31 Running Hacks for Your Next Ultramarathon

Just like life hacks can make your day more efficient, these running tips and tricks are tried and true to make the miles flow a bit easier and keep you positive when the grind gets real.

  1. Cut a toothbrush in half. Put in on your vest.
    This will allow you to reset your palate after a day of eating sugary things, and can keep food tasting more appetizing as the day turns in to night.
  2. Carry a small bag of table salt.
    If you feel like you are bonking, lack of salt is a pretty common cause. Dip a pretzel in there… or just your finger if you can take the germs… to rescue yourself from the bonk.

  3. Cut a pencil into a 1.5 inch section and spool a foot of duct tape around it.
    Duct tape can come in handy for unexpected blisters between aid stations, rips on your shoes, and chafe on your neck or chest.

  4. Put elastic laces on all the shoes you plan to wear. 
    Easy on. Easy off. Those little minutes add up.

  5. If weather will be raining or humid, consider packing your aid station socks inside out so that you can roll them on vs trying to slide them on over wet skin.

  6. Set alarms on your phone or watch for 30 minute intervals through the night. 
    This can help break up the night for you and take you out of zombieland, or, remind you to eat/drink.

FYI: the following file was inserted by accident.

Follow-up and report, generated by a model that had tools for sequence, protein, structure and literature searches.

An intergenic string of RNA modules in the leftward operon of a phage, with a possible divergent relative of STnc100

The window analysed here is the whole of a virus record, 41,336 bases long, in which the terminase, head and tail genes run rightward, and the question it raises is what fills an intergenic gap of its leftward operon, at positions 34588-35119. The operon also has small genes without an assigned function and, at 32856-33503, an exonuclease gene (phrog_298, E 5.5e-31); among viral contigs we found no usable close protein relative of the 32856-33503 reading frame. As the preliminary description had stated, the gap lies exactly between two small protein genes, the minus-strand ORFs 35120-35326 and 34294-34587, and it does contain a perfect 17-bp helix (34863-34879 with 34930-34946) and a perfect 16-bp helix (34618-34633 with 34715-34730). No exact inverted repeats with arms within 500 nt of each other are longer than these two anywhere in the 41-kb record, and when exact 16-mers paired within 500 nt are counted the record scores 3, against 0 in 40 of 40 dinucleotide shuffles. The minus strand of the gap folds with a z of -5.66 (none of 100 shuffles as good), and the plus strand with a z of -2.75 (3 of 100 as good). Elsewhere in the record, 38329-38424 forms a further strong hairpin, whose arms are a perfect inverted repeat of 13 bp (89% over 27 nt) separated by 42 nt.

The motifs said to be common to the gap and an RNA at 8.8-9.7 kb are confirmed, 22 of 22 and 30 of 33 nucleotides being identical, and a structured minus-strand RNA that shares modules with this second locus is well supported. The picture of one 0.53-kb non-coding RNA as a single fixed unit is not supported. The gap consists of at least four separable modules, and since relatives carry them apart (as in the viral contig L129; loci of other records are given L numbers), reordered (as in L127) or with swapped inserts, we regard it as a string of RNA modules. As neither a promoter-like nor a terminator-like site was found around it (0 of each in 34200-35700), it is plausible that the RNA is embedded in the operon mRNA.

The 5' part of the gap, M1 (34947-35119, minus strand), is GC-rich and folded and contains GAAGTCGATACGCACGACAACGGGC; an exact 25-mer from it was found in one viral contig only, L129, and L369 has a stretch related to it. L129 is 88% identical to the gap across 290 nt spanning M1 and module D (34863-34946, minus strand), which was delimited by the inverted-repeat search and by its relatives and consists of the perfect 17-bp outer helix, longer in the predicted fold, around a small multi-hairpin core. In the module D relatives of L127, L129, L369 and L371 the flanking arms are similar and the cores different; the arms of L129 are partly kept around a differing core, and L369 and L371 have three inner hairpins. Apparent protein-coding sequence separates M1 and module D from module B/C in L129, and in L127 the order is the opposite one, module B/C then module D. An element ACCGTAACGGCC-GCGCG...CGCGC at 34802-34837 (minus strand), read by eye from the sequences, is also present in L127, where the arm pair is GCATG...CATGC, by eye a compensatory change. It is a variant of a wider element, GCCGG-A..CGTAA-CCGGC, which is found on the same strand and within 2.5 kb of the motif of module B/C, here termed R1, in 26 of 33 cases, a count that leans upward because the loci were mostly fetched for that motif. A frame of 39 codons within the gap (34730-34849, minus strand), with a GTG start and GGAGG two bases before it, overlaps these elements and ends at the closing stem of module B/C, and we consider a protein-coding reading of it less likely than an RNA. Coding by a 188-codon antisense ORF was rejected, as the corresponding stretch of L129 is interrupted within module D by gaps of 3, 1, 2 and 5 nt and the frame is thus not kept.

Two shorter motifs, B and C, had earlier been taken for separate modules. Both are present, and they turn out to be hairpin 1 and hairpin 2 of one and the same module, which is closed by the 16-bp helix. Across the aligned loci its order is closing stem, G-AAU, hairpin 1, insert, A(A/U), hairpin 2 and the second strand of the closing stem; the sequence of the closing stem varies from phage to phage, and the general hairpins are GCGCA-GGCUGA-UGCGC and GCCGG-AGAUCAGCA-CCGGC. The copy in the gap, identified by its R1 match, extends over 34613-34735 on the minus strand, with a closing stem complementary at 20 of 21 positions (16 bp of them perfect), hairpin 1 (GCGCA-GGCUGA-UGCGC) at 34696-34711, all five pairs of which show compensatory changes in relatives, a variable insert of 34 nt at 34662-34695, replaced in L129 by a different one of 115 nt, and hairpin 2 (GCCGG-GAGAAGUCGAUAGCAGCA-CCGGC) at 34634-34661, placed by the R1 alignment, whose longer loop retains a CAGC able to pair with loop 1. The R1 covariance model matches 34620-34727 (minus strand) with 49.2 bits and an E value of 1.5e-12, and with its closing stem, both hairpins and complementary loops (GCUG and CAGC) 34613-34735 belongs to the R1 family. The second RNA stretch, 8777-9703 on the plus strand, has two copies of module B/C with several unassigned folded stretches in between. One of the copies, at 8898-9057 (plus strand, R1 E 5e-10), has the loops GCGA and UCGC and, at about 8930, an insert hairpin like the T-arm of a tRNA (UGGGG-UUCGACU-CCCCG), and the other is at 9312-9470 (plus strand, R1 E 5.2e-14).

7. Walk/run at set intervals to manage pacing. 

  8. Carry extra water with you to dump over your head, shoulders, and down your shorts. This

    will help you stay cool and wash off salt that can cause chafing. This is especially a good one for hot races or desert races.

  9. Put vaseline in your nostrils before any arid race. Its one of those comfort things, but can also prevent nose bleeds if you arent used to a dry environment.

  10. Chap stick on your lips before the race! We’ve all sat in the office on monday and peeled off cracked skin from our lips…

  11. Have a pump up playlist on backup.
    When things get low, or when the finish line is coming up and you need that last kick to go sub-24, crank up the volume.

  12. Safety pins can pin to any clothing to carry extra calories. Bonus pockets for whenever!
    Pin a gel, waffle, whatever to yourself. This keeps it more front-of-mind than being in back of your pack too!

  13. Carry a plastic bag
    They are good for keeping extra layers dry for rainy races, or for switching to ice-dump mode. See #17

  14. Cold race? Blow into your bottle’s bite valve after drinking to prevent a freeze up.

  15. Carry mashed potatoes in a zip lock bag.
    Have your crew load it up before you arrive to an aid station. Slurp it like a gel. Stash it away for later. This also works with reuseable baby food pouches.

  16. Screw shoes. Seriously. Put some drywall screws into the bottom of your old shoes for those slicker-than-normal winter days. At two bucks a pop, it is a fraction of the cost of those brand name solutions.

  17. Put ice in the back pocket or front bottle pockets of your vest to keep you cool. Keeping your spine cool keeps your nervous system cool. That means less energy is used by your brain and can be focused on keeping you moving and digesting.